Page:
Scottish industry and agriculture became indispensable to the war effort. Hailed as the ‘workshop of the world’, the shipyards along the Clyde in Glasgow met the enormous demand for battleships, while iron foundries, steel works and engineering shops became vital sources of munitions and artillery. The massive Dornock Munitions Factory sprung up between the towns of Gretna and Annan in Dumfries & Galloway, becoming home to the largest cordite factory in the UK.
While this economic boom proved to be far from all-encompassing and ultimately short-lived, there was hardly a place in Scotland not exempt from the colossal blows inflicted by the conflict’s high casualty rate. Lowly populated places in particular, such the Isle of Lewis and Harris, sustained some of the highest proportional losses of any place in Britain.
Scotland’s collective experience of the First World War was memorialised in the form of the Scottish National War Memorial. Located at Edinburgh Castle, it officially opened in 1928 and incorporates both a memorial and museum. More than just a commemoration, it stands as a testament to the scale of the nation’s military sacrifice, its unique martial heritage, and distinct approach to remembrance. At memorials across the country you can observe how different communities, institutions, military units and individuals have paid tribute to the fallen in their own singular way.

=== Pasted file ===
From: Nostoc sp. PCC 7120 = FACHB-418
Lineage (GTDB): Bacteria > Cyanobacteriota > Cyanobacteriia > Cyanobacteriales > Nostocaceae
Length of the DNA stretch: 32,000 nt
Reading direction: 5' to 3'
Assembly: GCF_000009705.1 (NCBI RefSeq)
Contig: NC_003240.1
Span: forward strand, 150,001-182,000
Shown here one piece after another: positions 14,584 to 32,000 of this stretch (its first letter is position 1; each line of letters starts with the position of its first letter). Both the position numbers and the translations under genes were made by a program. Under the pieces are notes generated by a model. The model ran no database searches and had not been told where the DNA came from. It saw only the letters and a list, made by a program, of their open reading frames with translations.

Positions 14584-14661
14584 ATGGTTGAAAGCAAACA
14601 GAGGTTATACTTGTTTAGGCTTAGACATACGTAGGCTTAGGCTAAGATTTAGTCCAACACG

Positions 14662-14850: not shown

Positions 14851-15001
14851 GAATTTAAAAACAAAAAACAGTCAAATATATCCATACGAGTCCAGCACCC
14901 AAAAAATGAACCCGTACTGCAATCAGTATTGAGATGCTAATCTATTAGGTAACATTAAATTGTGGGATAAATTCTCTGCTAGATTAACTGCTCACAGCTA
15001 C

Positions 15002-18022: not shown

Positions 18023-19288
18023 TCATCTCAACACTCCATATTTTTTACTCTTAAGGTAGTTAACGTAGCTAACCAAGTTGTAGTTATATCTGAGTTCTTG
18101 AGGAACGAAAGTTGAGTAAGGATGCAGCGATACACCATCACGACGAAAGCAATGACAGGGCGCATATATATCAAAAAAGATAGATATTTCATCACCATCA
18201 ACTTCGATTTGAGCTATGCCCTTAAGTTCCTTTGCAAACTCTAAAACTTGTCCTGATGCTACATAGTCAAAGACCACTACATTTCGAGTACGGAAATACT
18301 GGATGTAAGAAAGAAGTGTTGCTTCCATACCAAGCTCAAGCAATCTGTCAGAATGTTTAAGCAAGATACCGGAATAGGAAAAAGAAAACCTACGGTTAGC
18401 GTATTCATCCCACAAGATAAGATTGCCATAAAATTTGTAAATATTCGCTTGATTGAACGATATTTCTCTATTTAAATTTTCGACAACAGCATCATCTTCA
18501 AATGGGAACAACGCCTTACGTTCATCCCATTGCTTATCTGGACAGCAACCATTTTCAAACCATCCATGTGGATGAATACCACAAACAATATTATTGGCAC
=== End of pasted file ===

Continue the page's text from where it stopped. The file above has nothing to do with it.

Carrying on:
Literature and poetry of the time also offer perspectives of the conflict through a distinctly Scottish lens. As well as the literary legacy bequeathed to Craiglockhart War Hospital by the famous English war poets Siegfried Sassoon and Wilfred Owen, Scotland can lay claim to a number of significant works penned by its own poets and writers, reflecting their personal experiences and responses to the Great War.
Learn more about Scotland’s experience of the First World War at a diverse array of events taking place over this five-year commemorative period.